Eighteen months on, their names are forgotten. They’ve become numbers, over a thousand people who died bravely and innocently, shot dead, electrocuted, beaten and tortured by police and soldiers who – 18 months later – are either found innocent or were never there in the first place, due to lack of evidence. Because photographs, videos, testimonies and countless reports by human rights groups don’t count. It must have been Hammas.
Mural by Shaza Khaled and Aliaa El Tayeb, who studied at the Luxor Faculty of Fine Arts. The mural is inspired by a photo-shopped image of a protester in Greece dancing with a ballerina.
If you Google search Cairo Street Art, Ganzeer’s name is your top result. Countless interviews and features on the artist follow. As arguably the most recognized name on Cairo’s art scene today, it’s no surprise that Ganzeer is the most sought-after interview subject and reference on graffiti in Cairo.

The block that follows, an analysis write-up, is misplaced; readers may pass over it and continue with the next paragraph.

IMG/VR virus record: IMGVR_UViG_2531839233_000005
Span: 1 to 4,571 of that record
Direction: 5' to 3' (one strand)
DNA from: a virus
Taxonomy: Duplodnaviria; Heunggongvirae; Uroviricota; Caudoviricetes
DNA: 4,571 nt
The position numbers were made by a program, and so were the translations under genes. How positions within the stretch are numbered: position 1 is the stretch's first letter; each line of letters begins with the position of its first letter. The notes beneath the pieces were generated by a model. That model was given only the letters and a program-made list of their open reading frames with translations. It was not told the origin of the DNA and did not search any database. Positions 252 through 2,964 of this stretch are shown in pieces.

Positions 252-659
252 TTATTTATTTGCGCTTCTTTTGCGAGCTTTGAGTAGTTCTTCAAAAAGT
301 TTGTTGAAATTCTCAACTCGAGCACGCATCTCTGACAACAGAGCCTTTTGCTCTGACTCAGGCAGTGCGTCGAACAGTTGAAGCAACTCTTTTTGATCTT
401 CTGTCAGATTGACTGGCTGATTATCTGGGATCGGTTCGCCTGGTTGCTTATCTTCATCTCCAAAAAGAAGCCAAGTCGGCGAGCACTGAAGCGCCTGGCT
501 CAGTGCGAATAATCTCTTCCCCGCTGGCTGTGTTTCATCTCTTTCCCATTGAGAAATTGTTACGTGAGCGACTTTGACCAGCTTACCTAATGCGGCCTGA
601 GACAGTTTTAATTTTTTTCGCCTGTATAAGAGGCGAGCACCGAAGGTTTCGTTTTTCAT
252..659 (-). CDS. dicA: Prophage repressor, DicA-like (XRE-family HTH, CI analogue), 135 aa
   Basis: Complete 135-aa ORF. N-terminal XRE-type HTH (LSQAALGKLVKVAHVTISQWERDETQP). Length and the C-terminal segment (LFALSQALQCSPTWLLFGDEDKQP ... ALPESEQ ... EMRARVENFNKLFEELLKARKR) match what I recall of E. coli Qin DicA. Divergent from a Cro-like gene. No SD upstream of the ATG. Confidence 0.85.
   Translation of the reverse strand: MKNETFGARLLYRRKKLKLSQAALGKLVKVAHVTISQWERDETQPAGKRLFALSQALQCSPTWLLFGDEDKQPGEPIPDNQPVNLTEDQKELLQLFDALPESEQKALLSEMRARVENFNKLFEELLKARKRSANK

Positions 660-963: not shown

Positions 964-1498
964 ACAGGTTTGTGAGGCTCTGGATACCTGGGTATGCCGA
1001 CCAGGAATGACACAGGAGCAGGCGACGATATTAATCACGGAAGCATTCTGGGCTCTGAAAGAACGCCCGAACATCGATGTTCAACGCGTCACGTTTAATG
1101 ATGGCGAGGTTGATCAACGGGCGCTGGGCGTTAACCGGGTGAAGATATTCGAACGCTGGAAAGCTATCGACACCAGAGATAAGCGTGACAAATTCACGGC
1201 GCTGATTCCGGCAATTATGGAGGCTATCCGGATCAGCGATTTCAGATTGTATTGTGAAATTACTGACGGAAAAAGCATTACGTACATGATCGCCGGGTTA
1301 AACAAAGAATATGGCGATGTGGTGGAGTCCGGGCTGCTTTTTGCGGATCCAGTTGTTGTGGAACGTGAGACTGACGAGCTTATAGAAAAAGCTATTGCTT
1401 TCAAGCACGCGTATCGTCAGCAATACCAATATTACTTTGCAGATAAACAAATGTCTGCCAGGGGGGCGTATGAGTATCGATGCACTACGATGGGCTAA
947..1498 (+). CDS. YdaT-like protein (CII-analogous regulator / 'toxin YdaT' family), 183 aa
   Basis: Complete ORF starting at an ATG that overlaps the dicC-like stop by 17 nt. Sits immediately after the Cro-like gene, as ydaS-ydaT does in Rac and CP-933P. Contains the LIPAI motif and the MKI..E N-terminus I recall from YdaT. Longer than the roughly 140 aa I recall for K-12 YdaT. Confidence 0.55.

So a little revolution happened. The streets filled up, people yelled, a tyrant was dethroned and the world media fixated on Egypt’s younger generation, saying nice (though patronizing) things about us for once.
The walls of the Mogamaa are filled with protest graffiti. There’s rarely an empty space left between the large and colourful murals by HK, the witty caricature-like pieces by Hosny and the stencils by El Teneen, Sad Panda and many anonymous artists. Continue reading Protest Graffiti in Tahrir – The Mogamaa
‘Stop taking photographs of this, go to a museum,’ he mutters as he walks past me.
I’m standing in front of the American University in Cairo’s library wall, photographing a graffiti piece depicting video game characters Ryu and Mr. Bison, the latter wearing a Tantawi face that has been neatly slashed with red paint.